Students caught in a Covid-19 campus lockdown in Manchester have claimed they are being falsely imprisoned, with a number of legal experts backing them on social media.
Lawyers at a chambers which specialises in human rights and civil liberties have also questioned the legality of security staff enforcing the 14-day isolation of 1,700 students at two accommodation Manchester Metropolitan University blocks.
And a Liverpool-based law firm appealed through social media to students at Birley campus and Cambridge Halls to seek its help “pro bono”, PA Media reports.
Students described being scared and confused as their accommodation was locked down on Friday after 127 people tested positive for coronavirus.
Bosses at Manchester Metropolitan University (MMU) told students that following discussions with Public Health England and Manchester City Council, the decision was “deemed necessary” to prevent the spread of the virus to other students, staff or the local community.
The university added: “We appreciate this self-isolation period will present difficulties for you, especially coming so soon after your arrival at the university.
“We are here to support you, and our staff are working hard with local partners to make this period more manageable for you.”
The university has since announced that students are free to leave their accommodation but “trust they will do the right thing” and continue to self-isolate.
On Sunday, Dominic Waddell, 21, a first-year filmmaking student, told the PA news agency: “I have heard people mentioning claims of false imprisonment.
“There’s a great deal of anger, people aren’t very happy with how the university’s run it, considering we’re the ones that allow them to keep running because we’re the ones that give them this money and now they’re locking us in the homes we’re paying for so it’s very frustrating.
“People are trying to make the most of it, playing board games and watching TV with your flatmates but I don’t really see how long we can keep that up with all these new people that you barely know – it’s going to be pretty difficult to keep a lifted spirit.”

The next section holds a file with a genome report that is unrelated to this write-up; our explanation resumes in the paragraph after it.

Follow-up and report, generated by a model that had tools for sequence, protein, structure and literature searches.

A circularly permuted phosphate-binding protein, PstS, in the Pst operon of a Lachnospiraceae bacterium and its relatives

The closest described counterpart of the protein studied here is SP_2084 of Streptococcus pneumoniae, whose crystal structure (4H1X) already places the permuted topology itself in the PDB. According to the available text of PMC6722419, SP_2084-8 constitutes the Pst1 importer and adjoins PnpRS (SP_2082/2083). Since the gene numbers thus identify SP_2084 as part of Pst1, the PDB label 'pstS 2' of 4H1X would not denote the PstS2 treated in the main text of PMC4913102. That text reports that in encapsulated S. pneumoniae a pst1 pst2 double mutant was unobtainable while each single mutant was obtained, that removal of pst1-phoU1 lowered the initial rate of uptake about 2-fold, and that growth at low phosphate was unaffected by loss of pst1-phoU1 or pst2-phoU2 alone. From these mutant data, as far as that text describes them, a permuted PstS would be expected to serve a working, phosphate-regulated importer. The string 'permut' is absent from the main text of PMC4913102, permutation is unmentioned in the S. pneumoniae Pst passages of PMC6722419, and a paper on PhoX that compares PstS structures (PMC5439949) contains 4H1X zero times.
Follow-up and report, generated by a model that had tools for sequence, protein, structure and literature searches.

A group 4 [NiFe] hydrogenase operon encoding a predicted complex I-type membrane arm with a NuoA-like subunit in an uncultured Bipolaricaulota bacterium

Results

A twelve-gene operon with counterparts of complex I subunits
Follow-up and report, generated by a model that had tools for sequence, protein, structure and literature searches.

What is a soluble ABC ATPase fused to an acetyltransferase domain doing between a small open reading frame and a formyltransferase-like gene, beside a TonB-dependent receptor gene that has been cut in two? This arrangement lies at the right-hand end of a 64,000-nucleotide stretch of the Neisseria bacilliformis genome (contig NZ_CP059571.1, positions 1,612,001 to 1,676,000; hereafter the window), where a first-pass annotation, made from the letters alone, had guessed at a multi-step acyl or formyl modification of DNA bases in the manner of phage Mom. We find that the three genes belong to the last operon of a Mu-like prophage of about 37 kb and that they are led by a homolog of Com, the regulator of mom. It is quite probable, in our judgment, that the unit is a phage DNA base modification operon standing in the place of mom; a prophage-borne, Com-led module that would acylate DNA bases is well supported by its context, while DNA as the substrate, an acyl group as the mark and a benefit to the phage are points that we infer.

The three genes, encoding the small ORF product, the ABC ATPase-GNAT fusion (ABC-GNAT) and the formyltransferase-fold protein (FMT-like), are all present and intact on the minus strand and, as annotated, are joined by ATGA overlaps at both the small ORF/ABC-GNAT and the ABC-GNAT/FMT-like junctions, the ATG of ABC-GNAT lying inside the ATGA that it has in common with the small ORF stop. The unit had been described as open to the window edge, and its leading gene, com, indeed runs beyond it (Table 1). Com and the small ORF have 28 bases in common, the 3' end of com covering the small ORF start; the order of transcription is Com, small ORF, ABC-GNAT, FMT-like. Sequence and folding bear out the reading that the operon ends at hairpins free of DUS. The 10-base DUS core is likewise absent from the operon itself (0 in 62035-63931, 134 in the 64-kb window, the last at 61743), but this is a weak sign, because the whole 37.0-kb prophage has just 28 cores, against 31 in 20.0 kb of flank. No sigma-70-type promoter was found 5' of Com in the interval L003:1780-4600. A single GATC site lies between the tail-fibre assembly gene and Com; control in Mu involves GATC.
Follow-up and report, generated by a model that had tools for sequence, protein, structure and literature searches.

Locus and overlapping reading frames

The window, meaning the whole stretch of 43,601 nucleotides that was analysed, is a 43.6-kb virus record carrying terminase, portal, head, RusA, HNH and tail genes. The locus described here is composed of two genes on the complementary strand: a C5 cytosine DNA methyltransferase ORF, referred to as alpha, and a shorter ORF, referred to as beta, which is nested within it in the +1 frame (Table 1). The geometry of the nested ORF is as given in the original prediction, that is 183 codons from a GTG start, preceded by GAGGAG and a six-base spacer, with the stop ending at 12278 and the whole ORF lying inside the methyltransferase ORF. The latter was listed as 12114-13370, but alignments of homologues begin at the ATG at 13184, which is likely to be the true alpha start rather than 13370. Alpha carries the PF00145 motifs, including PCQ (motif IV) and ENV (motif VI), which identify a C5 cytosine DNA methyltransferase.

Adam Wagner, a barrister at Doughty Street Chambers, said he was “dubious to say the least” about the possible legal basis of the student lockdown.
He tweeted: “If there are students (or parents of students) who are being detained in their accommodation blocks by security staff, I would suggest urgently requesting confirmation of the precise legal authority they think they are acting under.”
His colleague, fellow barrister Rabah Kherbane, tweeted: “The idea of an immediate notice, large-scale effective imprisonment of first-year students, with 24-hour enforcement by accommodation security, is slightly surreal. The LA (local authority) has not clarified powers/conditions met.
″@ManMetUni please inform your students they can seek legal advice.”
The MMU branch of the University and College Union (UCU) said they had “nothing but sympathy” for the students and their families.
In a statement issued on Sunday, it said: “As a union we warned senior managers that the outcome of returning to campus in the manner they proposed would be the situation we are now seeing unfold.
“We have said this repeatedly in formal and informal meetings, and in writing. Our warnings went unheeded.”
The university says it has stepped up food deliveries in partnership with a local supermarket but said the self-isolating students were not permitted to travel to a nearby Covid-19 testing centre in Denmark Road while it works with local health services to provide alternative arrangements.
Professor Malcolm Press, vice-chancellor of Manchester Metropolitan University, told HuffPost UK: “The physical and emotional wellbeing of our students is paramount. Discussions with Public Health England and Manchester City Council on Friday led to the decision to ask students living in these halls to self-isolate at short notice.
“The reason for this decision was the rise in the number of COVID-19 cases, with 127 students testing positive for the virus, and the need to protect our wider community.
“I recognise the impact that this situation is having on our students, particularly given the extremely short period of time we had to inform them of the decision. Many of them are away from home for the first time and still finding their feet. Their welfare is our top priority and that is why we have been working hard with organisations around the city since Friday evening to put in place support to help during this 14-day period.”
Press said the university is “urgently” preparing a care package which they hope will ensure students will have the essentials they require in halls, plus financial support to assist them through this challenging period.
“We expect students to follow the guidance for self-isolation set out by the government and Public Health England,” he said.
“Our staff are on hand 24 hours a day to provide support, guidance and deal with concerns. We are unable to prevent our students from leaving the halls, but our students are bright young adults and we trust that they will do the right thing.”
The vice-chancellor added: “The government places a high priority on universities staying open and delivering high quality education. Students tell us that they value the mix of online and face-to-face education and it is important that we do what we can to deliver this in a Covid-secure way. It would be unfair to expect students to put their lives on hold.
“We have switched all of our Foundation Year and First Year students to online learning for the next 14 days, and are reviewing the situation regularly. Other year groups will continue to learn in a blended way.
Press also said that some students are taking one course unit at a time and in small groups, with members of staff always remaining at least 2 metres from them, with the use of face coverings or visors, as well as other measures in place.